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reviews Stones on the Ground by Vicki Swan & Jonny Dyer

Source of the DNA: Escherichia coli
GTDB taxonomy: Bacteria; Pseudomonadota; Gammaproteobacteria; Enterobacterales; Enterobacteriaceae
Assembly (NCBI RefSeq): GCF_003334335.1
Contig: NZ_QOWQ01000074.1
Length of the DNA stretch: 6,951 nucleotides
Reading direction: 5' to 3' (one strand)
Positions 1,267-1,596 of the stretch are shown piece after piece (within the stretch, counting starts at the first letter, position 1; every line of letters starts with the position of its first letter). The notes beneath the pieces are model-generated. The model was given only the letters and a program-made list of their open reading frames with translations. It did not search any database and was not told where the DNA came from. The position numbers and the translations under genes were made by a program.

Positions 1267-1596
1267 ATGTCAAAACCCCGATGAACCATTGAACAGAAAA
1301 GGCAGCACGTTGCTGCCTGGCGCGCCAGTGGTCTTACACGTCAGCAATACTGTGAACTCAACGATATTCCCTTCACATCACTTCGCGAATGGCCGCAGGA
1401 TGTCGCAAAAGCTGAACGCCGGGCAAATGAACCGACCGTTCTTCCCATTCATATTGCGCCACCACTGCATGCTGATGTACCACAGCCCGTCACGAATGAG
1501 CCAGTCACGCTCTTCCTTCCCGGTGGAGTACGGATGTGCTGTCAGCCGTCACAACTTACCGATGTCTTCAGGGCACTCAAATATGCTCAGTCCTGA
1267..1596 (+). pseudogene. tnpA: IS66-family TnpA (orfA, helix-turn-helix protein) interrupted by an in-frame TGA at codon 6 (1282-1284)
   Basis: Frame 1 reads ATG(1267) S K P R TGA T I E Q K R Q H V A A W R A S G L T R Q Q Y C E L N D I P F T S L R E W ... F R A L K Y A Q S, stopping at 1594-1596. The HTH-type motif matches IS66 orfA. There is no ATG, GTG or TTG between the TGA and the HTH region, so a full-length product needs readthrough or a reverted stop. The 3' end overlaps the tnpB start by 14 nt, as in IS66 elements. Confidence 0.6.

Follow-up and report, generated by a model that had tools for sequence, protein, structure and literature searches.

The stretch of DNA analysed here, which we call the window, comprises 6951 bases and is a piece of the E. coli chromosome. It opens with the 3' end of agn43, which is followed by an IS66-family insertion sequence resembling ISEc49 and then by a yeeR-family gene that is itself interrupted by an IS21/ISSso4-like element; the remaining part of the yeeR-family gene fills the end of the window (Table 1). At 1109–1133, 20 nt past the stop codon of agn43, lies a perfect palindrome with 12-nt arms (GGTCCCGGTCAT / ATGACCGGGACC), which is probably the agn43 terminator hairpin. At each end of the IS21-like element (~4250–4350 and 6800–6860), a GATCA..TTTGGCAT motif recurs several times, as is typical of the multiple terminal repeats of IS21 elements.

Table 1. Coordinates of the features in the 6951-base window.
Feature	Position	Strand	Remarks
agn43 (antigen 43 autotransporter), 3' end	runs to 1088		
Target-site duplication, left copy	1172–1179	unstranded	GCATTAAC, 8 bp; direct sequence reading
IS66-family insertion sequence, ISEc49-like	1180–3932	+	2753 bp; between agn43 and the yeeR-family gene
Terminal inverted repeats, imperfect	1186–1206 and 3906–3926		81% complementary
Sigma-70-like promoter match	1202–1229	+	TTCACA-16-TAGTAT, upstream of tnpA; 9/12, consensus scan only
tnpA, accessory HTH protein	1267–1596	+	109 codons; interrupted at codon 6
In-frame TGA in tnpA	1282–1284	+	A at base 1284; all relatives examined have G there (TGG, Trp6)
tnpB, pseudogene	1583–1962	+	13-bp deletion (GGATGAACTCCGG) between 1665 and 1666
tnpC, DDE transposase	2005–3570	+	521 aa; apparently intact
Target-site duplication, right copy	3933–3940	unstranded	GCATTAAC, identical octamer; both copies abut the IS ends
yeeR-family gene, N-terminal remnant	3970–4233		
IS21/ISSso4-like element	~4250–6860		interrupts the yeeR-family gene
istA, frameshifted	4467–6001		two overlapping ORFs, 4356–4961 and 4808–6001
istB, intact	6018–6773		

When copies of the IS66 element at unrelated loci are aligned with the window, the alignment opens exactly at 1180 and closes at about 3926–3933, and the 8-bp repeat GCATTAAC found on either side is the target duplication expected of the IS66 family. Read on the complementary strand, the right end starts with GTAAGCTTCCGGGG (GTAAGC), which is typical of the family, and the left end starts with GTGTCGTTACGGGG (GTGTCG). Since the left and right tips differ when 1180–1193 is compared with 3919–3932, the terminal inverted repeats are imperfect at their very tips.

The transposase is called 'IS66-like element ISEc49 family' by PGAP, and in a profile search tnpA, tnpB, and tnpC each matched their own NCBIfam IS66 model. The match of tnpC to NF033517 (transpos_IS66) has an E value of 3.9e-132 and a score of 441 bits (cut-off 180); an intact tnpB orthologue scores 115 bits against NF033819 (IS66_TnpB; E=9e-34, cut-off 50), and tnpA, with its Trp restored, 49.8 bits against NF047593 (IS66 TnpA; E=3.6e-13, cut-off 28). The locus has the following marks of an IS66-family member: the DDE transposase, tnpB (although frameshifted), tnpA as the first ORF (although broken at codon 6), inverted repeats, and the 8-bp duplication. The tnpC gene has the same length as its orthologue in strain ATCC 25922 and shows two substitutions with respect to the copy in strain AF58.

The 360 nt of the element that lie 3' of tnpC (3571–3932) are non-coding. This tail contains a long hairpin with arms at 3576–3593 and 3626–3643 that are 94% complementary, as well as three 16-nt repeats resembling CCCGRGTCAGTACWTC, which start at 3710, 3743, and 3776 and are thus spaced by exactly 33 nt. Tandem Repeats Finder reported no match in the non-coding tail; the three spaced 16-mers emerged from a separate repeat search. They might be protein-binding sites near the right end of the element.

Vicki Swan & Jonny Dyer are at it again! They were creating quite a stir with previous recordings and with "Stones on the Ground" I also jump on the bandwagon. The English duo's umpteenth album has some lengthy ballads, however, without it getting boring. The nursery rhyme "Billy Boy" for example is originally a song collected by Cecil Sharp, Jonny (vocals, guitar, accordion, piano) added some original verses. "Lord Randall" of course is the traditional Child ballad which Bob Dylan used as a blueprint for his "A Hard Rain's A-Gonna Fall". It actually borrows the formula of "Billy Boy" (or vice versa), with a more gruesome ending. Another fine and less known song is "The Oxford and 'Ampton Railway" about the Oxford, Worcester and Wolverhampton railway opened in 1853 and soon called Worse and Worser line, though the glowing lyrics indicate that it had been written before its completion. The traditional words have been set to a new tune of Jonny's. The songs are interspersed with instrumental interludes written by Jonny plus a couple of instrumental sets thrown in for good measure. Vicki (vocals, nyckelharpa, Scottish smallpipes, flute, whistle) has a Swedish parent and that explains the following tracks: "Herr Hillebrand and Proud Lena" originally is a medieaval Swedish murder ballad translated by Vicki and put to music by Jonny. She also wrote a couple of Nordic sounding instrumental tunes. On Jonny's "Valnötslångdans" she duets with herself, playing smallpipes set in D and A, respectively.